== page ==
Saturday, April 30, 2011

Classy Lady

I've got a pretty long list of stories regarding in-store theft. While a good portion of the theft I've witnessed has come from employees, I'd have to say that the majority came from customers. Some were stupid, some were brazen, some were slick, and some were planned.

But nothing tops the story of the harness.

I wasn't present for these events, so I can only tell you what I was told. I can say that a piece of me has always wondered if this story was true. But after seeing a recent episode of Worlds Dumbest Criminals, I have been convinced.

Basically, a large woman stole a demo computer from the next CompUSA nearest to our own. The theft was discovered when inventory control associates did their weekly counts of computers and laptops. When they found they were missing a desktop computer from the demo shelf, they loaded up the surveillance tapes.

The video shows a rather rotund (very fat) woman and accomplice enter the aisle. While the accomplice stands at the end of the aisle watching for employees, the woman can be seen yanking the plugs out of the computer (this was before we put alarms on desktop units), pulling it off the shelf, and shoving it...

...under her dress.

Then she waddled out of the store like nothing was wrong, her accomplice close behind. I'm sure the way she was walking might have raised eyebrows of some, but I don't think the average person would've thought, "Hey! She's got a computer between her legs!"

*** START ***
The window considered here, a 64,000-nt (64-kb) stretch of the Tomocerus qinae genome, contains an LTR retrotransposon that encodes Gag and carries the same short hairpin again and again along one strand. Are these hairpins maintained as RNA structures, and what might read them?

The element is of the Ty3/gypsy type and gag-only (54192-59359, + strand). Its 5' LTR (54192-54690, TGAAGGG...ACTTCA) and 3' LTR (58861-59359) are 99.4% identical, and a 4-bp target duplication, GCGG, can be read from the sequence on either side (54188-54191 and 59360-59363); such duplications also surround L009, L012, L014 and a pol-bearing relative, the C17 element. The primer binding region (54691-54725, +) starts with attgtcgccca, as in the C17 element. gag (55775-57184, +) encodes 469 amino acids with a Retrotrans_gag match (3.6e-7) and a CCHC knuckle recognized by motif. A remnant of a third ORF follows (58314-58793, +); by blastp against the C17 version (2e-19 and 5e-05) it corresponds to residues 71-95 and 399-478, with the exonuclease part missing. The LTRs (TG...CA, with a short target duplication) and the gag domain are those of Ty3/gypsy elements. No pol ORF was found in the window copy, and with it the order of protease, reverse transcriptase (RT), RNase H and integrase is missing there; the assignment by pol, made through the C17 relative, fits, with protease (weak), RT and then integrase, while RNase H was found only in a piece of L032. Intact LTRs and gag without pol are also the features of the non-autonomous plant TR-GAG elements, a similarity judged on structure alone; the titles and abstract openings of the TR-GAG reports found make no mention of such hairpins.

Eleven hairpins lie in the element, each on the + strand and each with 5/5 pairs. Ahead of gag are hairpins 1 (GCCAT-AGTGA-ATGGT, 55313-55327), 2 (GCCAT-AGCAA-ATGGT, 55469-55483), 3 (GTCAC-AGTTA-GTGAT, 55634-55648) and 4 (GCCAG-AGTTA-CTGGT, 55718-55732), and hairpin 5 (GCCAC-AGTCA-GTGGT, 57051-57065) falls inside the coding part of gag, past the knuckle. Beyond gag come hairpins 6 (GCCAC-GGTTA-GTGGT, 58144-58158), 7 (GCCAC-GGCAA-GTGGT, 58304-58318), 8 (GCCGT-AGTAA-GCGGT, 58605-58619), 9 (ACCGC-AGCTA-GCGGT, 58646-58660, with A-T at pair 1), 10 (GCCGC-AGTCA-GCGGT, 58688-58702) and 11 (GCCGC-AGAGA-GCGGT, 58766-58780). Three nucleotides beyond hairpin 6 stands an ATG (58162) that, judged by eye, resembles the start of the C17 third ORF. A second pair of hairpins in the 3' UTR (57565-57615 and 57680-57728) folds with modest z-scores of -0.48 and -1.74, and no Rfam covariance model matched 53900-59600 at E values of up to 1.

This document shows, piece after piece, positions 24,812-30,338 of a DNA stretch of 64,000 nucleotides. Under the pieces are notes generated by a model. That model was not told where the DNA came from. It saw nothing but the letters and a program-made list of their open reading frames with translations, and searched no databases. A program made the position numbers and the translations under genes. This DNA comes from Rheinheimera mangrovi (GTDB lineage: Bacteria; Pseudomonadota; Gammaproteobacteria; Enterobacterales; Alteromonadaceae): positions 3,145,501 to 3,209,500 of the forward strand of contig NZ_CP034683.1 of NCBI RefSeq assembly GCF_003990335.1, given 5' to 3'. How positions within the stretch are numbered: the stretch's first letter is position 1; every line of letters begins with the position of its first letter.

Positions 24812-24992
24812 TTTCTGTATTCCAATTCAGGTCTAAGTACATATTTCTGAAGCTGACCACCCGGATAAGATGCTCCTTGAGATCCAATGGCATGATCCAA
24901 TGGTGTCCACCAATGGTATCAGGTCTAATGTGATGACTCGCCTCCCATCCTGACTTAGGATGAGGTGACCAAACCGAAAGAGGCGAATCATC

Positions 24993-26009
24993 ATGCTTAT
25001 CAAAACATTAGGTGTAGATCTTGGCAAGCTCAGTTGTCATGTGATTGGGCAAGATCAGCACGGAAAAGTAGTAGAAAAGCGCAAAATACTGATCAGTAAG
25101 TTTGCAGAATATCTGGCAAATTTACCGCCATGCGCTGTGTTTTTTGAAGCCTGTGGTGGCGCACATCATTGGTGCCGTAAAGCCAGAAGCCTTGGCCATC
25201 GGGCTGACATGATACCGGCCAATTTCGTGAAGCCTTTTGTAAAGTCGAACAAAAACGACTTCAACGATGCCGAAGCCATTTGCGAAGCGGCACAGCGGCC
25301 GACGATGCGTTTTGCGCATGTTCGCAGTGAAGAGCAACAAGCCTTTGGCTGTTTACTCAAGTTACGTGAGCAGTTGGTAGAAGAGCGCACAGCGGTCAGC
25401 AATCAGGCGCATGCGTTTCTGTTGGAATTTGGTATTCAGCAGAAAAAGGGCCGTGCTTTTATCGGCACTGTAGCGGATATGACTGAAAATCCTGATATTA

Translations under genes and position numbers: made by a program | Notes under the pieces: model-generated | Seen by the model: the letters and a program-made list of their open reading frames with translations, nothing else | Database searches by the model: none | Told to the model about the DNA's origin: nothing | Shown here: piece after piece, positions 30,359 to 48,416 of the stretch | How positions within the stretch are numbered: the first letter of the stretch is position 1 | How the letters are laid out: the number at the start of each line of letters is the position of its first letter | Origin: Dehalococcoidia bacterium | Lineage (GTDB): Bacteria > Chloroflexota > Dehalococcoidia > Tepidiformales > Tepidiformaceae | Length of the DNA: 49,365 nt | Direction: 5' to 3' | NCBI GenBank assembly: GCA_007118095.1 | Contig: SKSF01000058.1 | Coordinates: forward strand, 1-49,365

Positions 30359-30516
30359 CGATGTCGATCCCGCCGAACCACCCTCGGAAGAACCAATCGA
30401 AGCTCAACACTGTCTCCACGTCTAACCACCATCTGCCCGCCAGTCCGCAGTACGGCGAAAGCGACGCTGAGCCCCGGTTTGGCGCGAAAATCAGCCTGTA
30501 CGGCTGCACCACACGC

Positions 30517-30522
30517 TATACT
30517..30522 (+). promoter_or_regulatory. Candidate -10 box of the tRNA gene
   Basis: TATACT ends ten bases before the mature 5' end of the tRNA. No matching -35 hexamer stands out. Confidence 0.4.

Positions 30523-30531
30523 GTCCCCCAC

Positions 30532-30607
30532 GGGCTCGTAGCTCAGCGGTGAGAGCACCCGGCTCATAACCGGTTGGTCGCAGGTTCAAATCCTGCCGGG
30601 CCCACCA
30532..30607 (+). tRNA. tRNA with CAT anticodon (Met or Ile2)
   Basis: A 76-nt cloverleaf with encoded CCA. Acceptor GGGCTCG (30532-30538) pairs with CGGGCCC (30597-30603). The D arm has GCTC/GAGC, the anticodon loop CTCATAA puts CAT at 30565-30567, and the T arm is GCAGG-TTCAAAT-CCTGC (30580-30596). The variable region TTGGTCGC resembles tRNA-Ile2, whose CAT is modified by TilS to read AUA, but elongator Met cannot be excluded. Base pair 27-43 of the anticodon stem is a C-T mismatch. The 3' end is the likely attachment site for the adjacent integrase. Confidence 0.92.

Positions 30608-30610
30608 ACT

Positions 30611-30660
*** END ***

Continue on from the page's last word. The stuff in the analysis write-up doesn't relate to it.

She was caught, if I remember right, though I don't remember how. I just know that the report later revealed that the woman had a harness between her legs that she was able to fit the computer into so that she wouldn't have to hold it with her hands as she left the store. It was definitely the most creative theft I'd ever seen or heard of.

But again, I questioned it because it sounded too crazy.

Not anymore. Go to Youtube and look up videos of the TV show "World's Dumbest." There's an episode where a woman steals a giant case of beer by slipping it between her legs under her dress. Then she just walks out. Crazy stuff.

Shopping Tip of the Day for 4/30/11: While stealing is always a bad idea, you highly increase your chances of being caught by stealing from your own workplace. Don't think for a second that you're safe; you're not. Don't assume no one will suspect you; they will. And most retail stores will prosecute employee theft further than external theft for the simple fact that these companies put trust into their employees and they don't appreciate your spitting on that trust.

Saturday, April 23, 2011

Included Means Included

I'm sure I've mentioned before that we are professional box readers. Well, never was that made clearer to me than on this day at CompUSA.

I was walking toward the front of the store when a customer stopped me. He was holding a floppy disk drive in his hands (look it up, kids). "Does this thing come with interchangable faceplates?" he asks me. "I have a black case. The picture is white. Does it have a black faceplate I can use?"

A fair question. The item was a generic CompUSA brand drive, and most of their units were plain white. But, as always, the only way I know how to answer the question is by looking at the box. I didn't have to look for long.

Right on the front, in big black letters across a yellow star, were the words "BLACK AND WHITE FACEPLATES INCLUDED." To top it off, an image of both colored faceplates was pictured right below the text.